by: Voltaire (François Marie Arouet, 1694-1778)

      HELEMA'S lively, all admire
      Her charms, but she's too full of fire;
      Impatience ever racks her breast,
      Her heart a stranger is to rest.
      A jocund youth of bulky size
      This nymph beheld with tender eyes,
      From hers his humor differed quite,
      Black does not differ more from white.
      On his broad face and open mien
      There dwelt tranquility serene;
      His converse is from languor free
      And boisterous vivacity.
      His sleep was sound and sweet at night,
      Active he was at morn like light;
      As day advanced he pleased still more,
      Macareus was the name he bore.
      His mistress void of thought as fair
      Tormented him with too much care:
      She adoration thought her due,
      And into fierce reproaches flew;
      Her Macareus with laughter left,
      And of all hopes of bliss bereft.
      From clime to clime like mad she ran
      To seek the dear, the faithless man:
      From him she could not live content,
      So first of all to court she went.
      There she of every one inquired,
      "Is Macareus with you retired?"
      Hearing that name the witlings there
      To laugh and smile could scarce forbear.
      "Madam," said they, "who is this squire
      Macareus, for whom you inquire?
      Madam, his character display,
      Or else we shan't know what to say."
      "He is a man," returned the fair,
      "Possessed of each endowment rare,
      A man of virtue so refined,
      He hated none of human kind;
      To whom no man e'er owed a spite,
      Who always knew to reason right,
      Who void of care lived still at ease,
      And knew all human kind to please."
      The courtiers answered with a sneer,
      "You are not like to find him here,
      Mortals with such endowments rare
      But seldom to the court repair."
      The fair then to the city bent
      Her way, and stopped a convent.
      She thought that in that calm retreat
      She might her tranquil lover meet.
      "Madam," then said the under-prior,
      The man for whom you thus inquire
      We long have waited for in vain,
      To visit us he ne'er did deign.
      But such a loss to compensate,
      We've idle time and vigils late;
      We have our stated days of fasting
      With discord and divisions lasting."
      A short monk then with crown shaved o'er,
      Said, "Madam, seek this man no more;
      For I'm by false reports misled,
      Or else your lover's long since dead."
      What the monk insolently said
      Made Thelema with rage grow red:
      "Brother," said she, "I'd have you know
      The man who has caused all my woe
      Was made for me, and me alone,
      He's in this world on which I'm thrown;
      With me he'll live and die content,
      I'm propery his element:
      Who aught else told you, on my word,
      Has said a thing that's most absurd."
      This said, away the fair one ran,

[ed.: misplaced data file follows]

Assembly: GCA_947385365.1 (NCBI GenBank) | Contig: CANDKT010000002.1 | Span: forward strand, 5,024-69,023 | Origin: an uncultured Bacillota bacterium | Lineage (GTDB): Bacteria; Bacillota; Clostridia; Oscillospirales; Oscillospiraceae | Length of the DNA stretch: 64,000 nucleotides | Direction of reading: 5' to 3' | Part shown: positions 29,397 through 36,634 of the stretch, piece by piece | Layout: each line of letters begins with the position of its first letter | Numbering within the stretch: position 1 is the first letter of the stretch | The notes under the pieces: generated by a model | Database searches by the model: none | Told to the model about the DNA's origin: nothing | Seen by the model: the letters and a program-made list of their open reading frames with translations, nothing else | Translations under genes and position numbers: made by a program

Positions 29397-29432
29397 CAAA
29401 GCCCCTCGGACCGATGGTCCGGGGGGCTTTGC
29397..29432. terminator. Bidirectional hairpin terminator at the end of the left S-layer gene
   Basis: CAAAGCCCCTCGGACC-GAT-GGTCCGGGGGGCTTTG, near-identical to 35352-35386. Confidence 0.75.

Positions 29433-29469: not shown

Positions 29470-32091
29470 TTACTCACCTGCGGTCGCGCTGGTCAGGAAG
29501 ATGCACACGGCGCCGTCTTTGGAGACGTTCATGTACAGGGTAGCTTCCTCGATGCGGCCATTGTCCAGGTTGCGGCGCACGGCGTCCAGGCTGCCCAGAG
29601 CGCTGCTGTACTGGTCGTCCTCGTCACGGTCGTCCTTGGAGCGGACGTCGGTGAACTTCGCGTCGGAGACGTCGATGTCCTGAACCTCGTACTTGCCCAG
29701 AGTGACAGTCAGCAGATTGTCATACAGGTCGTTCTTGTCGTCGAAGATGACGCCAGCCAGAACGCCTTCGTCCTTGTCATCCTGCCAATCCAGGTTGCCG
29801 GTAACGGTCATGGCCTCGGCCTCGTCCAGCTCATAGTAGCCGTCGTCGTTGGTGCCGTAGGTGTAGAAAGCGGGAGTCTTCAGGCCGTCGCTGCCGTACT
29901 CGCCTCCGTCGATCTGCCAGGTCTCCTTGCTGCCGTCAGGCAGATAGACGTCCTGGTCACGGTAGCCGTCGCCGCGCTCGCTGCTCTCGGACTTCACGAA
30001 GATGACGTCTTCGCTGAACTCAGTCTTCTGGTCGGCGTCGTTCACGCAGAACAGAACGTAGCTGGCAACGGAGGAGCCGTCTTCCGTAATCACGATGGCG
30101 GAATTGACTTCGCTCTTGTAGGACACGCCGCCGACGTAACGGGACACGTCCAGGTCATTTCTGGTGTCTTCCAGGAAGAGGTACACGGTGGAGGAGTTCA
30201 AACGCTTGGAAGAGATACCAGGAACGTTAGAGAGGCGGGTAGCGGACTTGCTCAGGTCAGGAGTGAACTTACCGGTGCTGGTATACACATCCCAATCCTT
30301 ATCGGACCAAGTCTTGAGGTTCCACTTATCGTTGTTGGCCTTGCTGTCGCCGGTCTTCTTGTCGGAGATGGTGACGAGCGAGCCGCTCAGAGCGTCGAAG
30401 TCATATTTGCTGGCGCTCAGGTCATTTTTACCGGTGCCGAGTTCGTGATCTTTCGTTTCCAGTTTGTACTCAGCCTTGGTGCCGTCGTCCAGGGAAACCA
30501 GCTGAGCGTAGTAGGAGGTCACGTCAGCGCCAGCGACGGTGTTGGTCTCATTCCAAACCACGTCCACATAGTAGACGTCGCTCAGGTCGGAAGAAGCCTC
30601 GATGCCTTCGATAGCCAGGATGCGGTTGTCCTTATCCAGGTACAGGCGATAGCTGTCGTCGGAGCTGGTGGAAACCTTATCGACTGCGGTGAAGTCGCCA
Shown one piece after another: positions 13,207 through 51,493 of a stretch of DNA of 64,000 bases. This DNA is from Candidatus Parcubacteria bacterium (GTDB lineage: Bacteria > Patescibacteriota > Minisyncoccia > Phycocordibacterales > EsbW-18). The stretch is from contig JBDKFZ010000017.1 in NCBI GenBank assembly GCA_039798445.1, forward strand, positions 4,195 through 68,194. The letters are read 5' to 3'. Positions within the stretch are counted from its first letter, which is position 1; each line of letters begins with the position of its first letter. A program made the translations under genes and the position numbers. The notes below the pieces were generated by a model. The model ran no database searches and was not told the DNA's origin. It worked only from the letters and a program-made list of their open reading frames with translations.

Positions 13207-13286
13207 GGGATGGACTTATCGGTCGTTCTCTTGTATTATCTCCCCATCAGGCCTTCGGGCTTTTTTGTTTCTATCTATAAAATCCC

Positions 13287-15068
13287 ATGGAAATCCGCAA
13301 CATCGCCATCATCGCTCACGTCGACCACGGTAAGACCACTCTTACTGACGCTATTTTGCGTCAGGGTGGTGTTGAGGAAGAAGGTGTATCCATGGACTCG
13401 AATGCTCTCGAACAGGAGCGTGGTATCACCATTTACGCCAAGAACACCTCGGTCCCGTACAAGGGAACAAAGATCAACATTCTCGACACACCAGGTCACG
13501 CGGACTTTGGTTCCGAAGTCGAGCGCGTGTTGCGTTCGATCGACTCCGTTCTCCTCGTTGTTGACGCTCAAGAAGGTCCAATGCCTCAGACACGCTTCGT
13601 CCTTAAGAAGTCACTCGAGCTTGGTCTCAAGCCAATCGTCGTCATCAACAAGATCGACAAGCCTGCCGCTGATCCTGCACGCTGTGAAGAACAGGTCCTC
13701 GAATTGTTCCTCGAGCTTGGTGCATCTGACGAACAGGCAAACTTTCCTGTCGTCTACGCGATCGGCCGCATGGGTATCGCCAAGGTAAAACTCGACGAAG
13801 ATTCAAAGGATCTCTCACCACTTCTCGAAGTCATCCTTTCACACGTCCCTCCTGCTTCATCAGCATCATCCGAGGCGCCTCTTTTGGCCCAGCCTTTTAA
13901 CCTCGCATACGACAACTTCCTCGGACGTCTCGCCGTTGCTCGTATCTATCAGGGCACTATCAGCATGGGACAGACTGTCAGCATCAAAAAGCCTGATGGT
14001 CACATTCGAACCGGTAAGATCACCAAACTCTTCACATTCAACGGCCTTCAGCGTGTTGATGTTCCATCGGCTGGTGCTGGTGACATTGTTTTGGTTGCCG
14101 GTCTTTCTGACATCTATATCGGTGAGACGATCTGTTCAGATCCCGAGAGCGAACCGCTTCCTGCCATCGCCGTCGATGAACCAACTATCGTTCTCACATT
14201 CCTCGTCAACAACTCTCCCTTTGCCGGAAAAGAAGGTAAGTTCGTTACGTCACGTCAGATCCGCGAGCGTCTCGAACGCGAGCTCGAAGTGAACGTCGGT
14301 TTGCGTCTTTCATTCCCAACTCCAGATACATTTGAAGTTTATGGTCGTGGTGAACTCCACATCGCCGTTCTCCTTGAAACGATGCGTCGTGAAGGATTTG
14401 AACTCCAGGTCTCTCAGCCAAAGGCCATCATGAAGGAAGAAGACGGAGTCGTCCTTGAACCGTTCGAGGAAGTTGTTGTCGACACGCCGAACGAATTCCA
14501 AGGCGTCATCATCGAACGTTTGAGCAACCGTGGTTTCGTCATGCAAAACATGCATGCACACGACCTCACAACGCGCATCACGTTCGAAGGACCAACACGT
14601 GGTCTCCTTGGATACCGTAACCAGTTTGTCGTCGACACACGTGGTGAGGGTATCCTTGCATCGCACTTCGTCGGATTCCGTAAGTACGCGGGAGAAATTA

Resolved to find the inconstant man.
      "At Paris, where the wits abound,
      Perhaps," said she, "he may be found,
      The wits speak of him as a sage;"
      On of them said: "You by our page,
      Madam, perhaps have been misled;
      When there of Macareus you read,
      We spoke of one we never knew."
      Then near she to the law-court drew,
      Shutting her eyes, quick passed the fair,
      "My love," she cried, "can't sure be there;
      There's some attraction in the Court,
      But who'd to this vile place resort?
      Themis' black followers needs must prove
      Eternal foes to him I love."
      Fair Thelema at Rameau's shrine,
      Where the muse utters strains divine,
      The man who her so much neglected
      There to meet, was what she expected.
      At those feasts oft she was a guest,
      Where meet gay people richly dressed;
      Such people as we all agree
      To call the best of company.
      People of an address polite,
      She looked upon at the first sight
      As perfect copies of her lover;
      But she soon after could discover,
      That striving most to appear the same,
      They still were widest of their aim.
      At last the fair one in despair,
      Finding how vain was all her care,
      And grown of her inquiries tired,
      To her retreat would have retired:
      The object which she there first spied
      Was Macareus by her bedside;
      He waited there, hid from her eyes,
      That he the fair one might surprise:
      "Henceforward," said he, "live with me,
      From all inquietude be free,
      Do not, like vain and haughty dames,
      Be too assuming in your claims;
      And if you would henceforth possess
      My person and my tenderness,
      Never more make demands more high
      Than suits me with them to comply."
      Who's understood by either name,
      Both of the lover and the dame,
      The folks who are profound in Greek
      Cannot be very far to seek.
      Taught by this emblem they'll relate
      What's to be every mortal's fate,
      Thee, Macareus, though all men choose,
      Though much they love thee, oft they lose;
      And I'm persuaded that you dwell
      With me, though this I fear to tell.
      Who boasts that with thee he is blessed,
      By envy oft is dispossessed;
      A man should know, to make thee sure,
      How to live happy while obscure.

This English translation by William F. Fleming of 'Thelema and Macareus' is reprinted from The Works of Voltaire, Volume XXXVI. Trans. William F. Fleming. New York: E.R. DuMONT, 1901.




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